Virgin Australia is re-routing some Bali-bound flights through Darwin to pick up fuel as it prepares for a possible volcanic eruption with the potential to affect thousands of holidaymakers.
The airline has issued a travel alert for Bali but at this stage continues to operate normally and has not released a blanket fare waiver for people wanting to cancel their travel plans.
It said it was closely monitoring the situation at Mt Agung, a volcano in east Bali just over 70kms from the tourism centre of Kuta, which is now on the highest alert for a possible eruption.
“ At present, flights are planned to operate as scheduled, however there may be some delays,’’ it said.
“As a precautionary measure, some of our Bali bound flights will be making fuel stops in Darwin.
“This ensures that if an eruption occurs while the aircraft is en-route, we will be able to get guests back to their originating port safely and quickly.”
Virgin urged passengers travelling to Bali to make sure the airline had a contact number and to buy travel insurance.
A Jetstar spokesman said its flights were also operating to schedule. Jetstar operates 60 flights a week to the holiday mecca from Melbourne, Sydney, Adelaide, Brisbane, Cairns, Townsville, Darwin and Perth.
“Most customer inquiries to date have been to ask if flights are on schedule,” the spokesman said. “A handful have requested changing their travel dates, which we’ve accommodated with no change fee.”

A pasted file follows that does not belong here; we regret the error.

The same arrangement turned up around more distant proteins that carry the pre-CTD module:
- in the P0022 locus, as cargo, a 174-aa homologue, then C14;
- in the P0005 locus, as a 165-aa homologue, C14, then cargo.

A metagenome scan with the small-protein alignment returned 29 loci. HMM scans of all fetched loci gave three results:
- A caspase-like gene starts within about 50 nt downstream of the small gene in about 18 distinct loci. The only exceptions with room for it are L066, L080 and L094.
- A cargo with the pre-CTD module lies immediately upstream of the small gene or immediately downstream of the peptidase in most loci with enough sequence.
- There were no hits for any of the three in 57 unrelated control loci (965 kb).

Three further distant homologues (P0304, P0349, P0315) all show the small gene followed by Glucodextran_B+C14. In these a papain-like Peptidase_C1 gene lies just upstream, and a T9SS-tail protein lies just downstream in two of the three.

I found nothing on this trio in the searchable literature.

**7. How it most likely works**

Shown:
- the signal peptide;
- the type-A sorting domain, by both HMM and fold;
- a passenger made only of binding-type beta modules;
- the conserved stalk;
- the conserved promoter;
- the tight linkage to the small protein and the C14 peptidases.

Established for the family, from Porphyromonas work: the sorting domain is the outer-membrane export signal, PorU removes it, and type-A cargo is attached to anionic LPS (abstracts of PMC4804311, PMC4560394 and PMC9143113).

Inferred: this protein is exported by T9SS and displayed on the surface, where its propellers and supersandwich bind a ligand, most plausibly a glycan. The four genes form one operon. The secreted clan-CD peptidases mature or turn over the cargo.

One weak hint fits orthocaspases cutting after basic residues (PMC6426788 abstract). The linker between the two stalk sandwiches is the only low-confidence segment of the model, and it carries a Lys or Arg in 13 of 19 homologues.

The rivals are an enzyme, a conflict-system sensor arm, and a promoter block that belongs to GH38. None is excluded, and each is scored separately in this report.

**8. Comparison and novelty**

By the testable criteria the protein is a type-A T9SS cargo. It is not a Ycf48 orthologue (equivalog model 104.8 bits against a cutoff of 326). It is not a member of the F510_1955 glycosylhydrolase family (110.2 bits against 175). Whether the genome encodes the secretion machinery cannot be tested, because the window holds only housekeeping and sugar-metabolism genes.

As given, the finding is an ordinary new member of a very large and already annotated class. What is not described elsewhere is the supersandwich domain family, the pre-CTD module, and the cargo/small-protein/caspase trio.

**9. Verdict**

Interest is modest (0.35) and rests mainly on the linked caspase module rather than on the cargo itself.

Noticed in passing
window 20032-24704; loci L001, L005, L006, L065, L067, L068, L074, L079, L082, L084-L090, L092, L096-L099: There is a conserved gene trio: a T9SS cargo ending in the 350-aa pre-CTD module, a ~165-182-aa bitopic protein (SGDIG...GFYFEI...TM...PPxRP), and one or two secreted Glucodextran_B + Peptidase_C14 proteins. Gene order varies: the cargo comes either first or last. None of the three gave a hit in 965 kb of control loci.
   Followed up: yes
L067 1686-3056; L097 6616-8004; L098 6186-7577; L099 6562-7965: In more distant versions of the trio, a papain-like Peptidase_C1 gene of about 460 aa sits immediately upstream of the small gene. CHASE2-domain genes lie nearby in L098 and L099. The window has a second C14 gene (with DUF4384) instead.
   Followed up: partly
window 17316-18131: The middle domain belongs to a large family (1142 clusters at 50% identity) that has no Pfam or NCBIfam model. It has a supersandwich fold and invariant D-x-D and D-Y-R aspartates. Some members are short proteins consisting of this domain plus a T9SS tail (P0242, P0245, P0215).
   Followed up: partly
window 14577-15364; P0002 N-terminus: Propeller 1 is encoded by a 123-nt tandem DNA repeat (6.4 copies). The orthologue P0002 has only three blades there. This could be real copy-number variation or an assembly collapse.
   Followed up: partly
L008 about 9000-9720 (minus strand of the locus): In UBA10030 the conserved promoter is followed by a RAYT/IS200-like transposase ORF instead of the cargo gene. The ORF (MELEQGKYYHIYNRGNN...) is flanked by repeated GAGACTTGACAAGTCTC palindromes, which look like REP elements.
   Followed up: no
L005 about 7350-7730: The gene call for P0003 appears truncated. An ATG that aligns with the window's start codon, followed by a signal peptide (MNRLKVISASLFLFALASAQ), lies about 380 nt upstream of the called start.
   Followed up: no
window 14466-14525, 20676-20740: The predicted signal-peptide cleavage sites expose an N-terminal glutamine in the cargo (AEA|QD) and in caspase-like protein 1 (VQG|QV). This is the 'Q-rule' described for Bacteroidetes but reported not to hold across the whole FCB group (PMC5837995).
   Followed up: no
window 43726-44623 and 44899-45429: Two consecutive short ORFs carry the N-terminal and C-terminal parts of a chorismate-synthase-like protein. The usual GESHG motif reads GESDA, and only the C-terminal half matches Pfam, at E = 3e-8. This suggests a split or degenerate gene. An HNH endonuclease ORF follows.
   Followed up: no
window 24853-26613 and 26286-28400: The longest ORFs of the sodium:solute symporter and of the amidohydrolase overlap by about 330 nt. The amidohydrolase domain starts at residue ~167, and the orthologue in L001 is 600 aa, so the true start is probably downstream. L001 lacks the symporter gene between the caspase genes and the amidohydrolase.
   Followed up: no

Hundreds of tremors have been recorded in the region as seismic activity around the mountain has increased.
The warning of a potential eruption was raised to the highest level of four on Friday night and thousands of locals have fled villages in an exclusion zone around the mountain.
Australia’s Department of Foreign Affairs and Trade issued a warning on Friday that travellers could see their plans affected by Mount Agung.
“An eruption of Mount Agung could impact air travel in the region,’’ it said. “Contact your airline or tour operator to confirm travel plans.’’
Bali’s international airport at Denpasar is on alert and is preparing its emergency operations centre should an eruption suspend air travel.
However, authorities still cannot say when or — or if — the volcano will erupt or what its impact might be.
There looked to be some hope the mountain was settling on Saturday when the frequency of tremors fell in the morning, but it increased again later that day.
Mt Agung’s last major eruption was in 1963 and killed more than 1100 people.
The head of the Centre for Volcanology and Geological Hazard Mitigation (PVMBG), Kasbani, told news.com.au that the 1963 eruption lasted for a year and saw hot ash clouds gush out with extraordinary speed.
Volcanic ash is dangerous to aircraft because it can cause extensive damage to engines and even cause them to shut down.
Examples of disruptions in recent years include the spectacular eruption of the Mt Kelud volcano in east Java in 2014, which caused flight cancellations and significant delays for flights between Australia and South-East Asia.
In June 2011, air travel in Australia and New Zealand was thrown into chaos by ash from the Puyehue-Cordon Caulle volcano in Chile which swept over southern Australia and New Zealand.
The ash cloud went around the world twice and disrupted travel plans for hundreds of thousands of travellers.
In May 2010, thousands of flights were grounded in Europe after Iceland’s Eyjafjallajokull volcano erupted.